- 1 What is on this page
- 2 Servo Motor
- 2.1 Disassemble of motor back (resolver)
- 2.2 Rotor before being machined
- 2.3 Rotor after being machined
- 2.4 Fully assembled motor
- 2.5 Connecting the servo motor to the planetary reducer
- 2.6 Servo motor fixing apparatus
- 2.7 Mounted finished servo motor
- 2.8 Servo motor power plug
- 2.9 Servo motor resolver plug
- 2.10 Resolver and power connected
What is on this page
On this page it is described how a servo motor was modified to suit our purpose.
On this wiki we will be using a AC servo motor, rated 2.8Kw. Although it is over rated for the Argon, it will be a good test to show how the Argon can behave in the control of such big motor. Motor is 13.9 Kg! Very high quality made by Siemens.
Since the motor came with a non standard shaft termination, and it was required a shaft end with 14mm, so that it could be directly connected to the Alpha planetary reducer, the motor was fully disassembled so that we could get access to the rotor.
Disassemble of motor back (resolver)
This particular motor is fitted with a high quality resolver, as it can be seen on the following picture.
and both the stator and rotor parts disassembled...
Rotor before being machined
After fully disassembled, the rotor is fully shown. This servo also have a 24VDC brake, that can be clearly observed on the picture:
Carefully, the rotor was protected with paper and tape, so that the rotor could be safely machining without chips getting into the magnets. After machined we tested it so see how did it fitted on the planetary reducer.
Rotor after being machined
After the shaft was machined:
And testing on the planetary reducer before final set up.
Fully assembled motor
Finally the servo motor assembled:
Connecting the servo motor to the planetary reducer
Now it is time to create the flange between the motor and the planetary reducer. For this we have the help of the CAD, so time to draw.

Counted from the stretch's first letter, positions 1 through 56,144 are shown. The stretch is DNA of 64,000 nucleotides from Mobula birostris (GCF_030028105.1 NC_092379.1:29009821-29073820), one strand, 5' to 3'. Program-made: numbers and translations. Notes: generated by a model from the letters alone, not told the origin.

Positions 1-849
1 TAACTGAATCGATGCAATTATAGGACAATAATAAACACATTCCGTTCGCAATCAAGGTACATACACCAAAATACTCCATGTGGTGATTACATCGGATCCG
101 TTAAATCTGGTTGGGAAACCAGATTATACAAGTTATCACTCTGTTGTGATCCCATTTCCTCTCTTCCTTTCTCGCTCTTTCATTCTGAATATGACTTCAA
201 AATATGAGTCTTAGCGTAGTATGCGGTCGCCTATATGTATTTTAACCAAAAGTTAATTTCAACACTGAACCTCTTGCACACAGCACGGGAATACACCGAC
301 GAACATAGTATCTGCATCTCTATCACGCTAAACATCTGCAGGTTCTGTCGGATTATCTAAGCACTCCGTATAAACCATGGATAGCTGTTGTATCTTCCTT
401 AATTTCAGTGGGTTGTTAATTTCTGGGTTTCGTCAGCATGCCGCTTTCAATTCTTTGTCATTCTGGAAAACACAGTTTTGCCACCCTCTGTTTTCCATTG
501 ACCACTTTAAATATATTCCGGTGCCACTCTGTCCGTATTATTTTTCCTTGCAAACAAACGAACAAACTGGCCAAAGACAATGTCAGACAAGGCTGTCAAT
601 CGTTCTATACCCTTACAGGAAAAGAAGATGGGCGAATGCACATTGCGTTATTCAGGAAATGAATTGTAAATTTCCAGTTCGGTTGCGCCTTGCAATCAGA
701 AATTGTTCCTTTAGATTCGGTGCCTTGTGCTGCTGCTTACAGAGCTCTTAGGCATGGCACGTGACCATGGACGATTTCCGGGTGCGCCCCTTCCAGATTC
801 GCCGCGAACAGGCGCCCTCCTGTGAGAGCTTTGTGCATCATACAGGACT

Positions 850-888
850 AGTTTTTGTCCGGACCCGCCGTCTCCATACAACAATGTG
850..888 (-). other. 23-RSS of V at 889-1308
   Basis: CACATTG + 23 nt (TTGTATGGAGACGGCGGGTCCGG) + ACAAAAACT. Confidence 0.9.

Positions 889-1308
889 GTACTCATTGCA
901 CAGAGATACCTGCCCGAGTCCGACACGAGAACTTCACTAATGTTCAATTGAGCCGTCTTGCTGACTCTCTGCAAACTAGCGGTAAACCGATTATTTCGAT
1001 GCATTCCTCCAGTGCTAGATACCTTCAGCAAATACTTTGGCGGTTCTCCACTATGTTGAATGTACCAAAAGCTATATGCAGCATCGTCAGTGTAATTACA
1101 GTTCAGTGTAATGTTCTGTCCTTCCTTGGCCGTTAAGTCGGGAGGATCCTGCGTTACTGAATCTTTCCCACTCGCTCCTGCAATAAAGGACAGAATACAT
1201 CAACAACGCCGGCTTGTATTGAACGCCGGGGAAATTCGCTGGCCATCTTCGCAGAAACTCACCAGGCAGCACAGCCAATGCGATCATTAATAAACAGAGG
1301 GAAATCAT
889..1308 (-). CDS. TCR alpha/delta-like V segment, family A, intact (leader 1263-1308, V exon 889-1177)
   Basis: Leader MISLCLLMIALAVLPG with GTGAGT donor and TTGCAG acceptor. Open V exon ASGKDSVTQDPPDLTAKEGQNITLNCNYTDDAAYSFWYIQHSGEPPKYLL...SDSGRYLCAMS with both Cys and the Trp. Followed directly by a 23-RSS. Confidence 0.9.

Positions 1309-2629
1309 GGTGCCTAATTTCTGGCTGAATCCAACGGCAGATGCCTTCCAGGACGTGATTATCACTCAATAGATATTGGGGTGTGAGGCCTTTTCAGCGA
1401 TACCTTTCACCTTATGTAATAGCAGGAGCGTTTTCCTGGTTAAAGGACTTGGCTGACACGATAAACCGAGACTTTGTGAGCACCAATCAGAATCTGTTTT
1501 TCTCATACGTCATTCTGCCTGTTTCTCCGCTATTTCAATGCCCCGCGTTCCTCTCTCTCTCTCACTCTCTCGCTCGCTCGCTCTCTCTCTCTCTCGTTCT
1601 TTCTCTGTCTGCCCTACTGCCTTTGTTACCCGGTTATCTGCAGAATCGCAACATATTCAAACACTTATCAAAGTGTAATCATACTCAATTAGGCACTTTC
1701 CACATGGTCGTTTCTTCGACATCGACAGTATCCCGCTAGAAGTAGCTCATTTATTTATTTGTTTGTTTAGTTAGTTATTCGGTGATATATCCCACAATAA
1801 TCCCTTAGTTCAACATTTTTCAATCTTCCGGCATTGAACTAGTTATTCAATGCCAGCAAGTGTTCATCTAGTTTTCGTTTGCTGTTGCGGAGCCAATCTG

After, machining it (aluminium 15mm)
After fully machined,
They were mounted on the servo motor:
As a important side note, this motor, have a larger torque than the planetary reducer can handle. Since the torque that we will take from the motor can be controlled in the servo drive (and the servo drive cannot output the full 2.8Kw that the motor was designed for), the oversize motor will not damage the planetary reducer.
Servo motor fixing apparatus
A support needed to be produced, so that the motor+reducer can be correctly fixed to the remaining axis. This was made in such a way that both the motor body and the reducer are fixed as one, providing the best possible rigidity. The following images describe the work done.
Mounted finished servo motor
And finally mounted on the axis:
Servo motor power plug
The servo motor plug contains the 3 phases (U,V,W) plus the brake connectors (24 VDC +,-) and finally a ground cable. All 6 cables are connected in the same servo power connector.
After assembled and fitted to the motor plug:
Servo motor resolver plug
The servo resolver plug have 12 connections. The following table shows the connections for the plug number, cable color and the connection on the Argon resolver.
|Pin on plug#||Description||Cable color||Argon resolver|
|1||Stator 2 +||Yellow||C+|
|2||Stator 2 -||Green||C-|
|3||Not used||Not used||-|
|4||Not used (reserved)||white||-|
|5||Not used (reserved)||pink||-|
|6||Not used||Not used||-|
|8||Not used||Not used||-|
|9||Not used||Not used||-|
|11||Stator 1 +||Gray||B+|
|12||Stator 1 -||Brown||B-|
Plug before fully enclosed (cable shield is wrapped around the back of the connector):
Resolver and power connected
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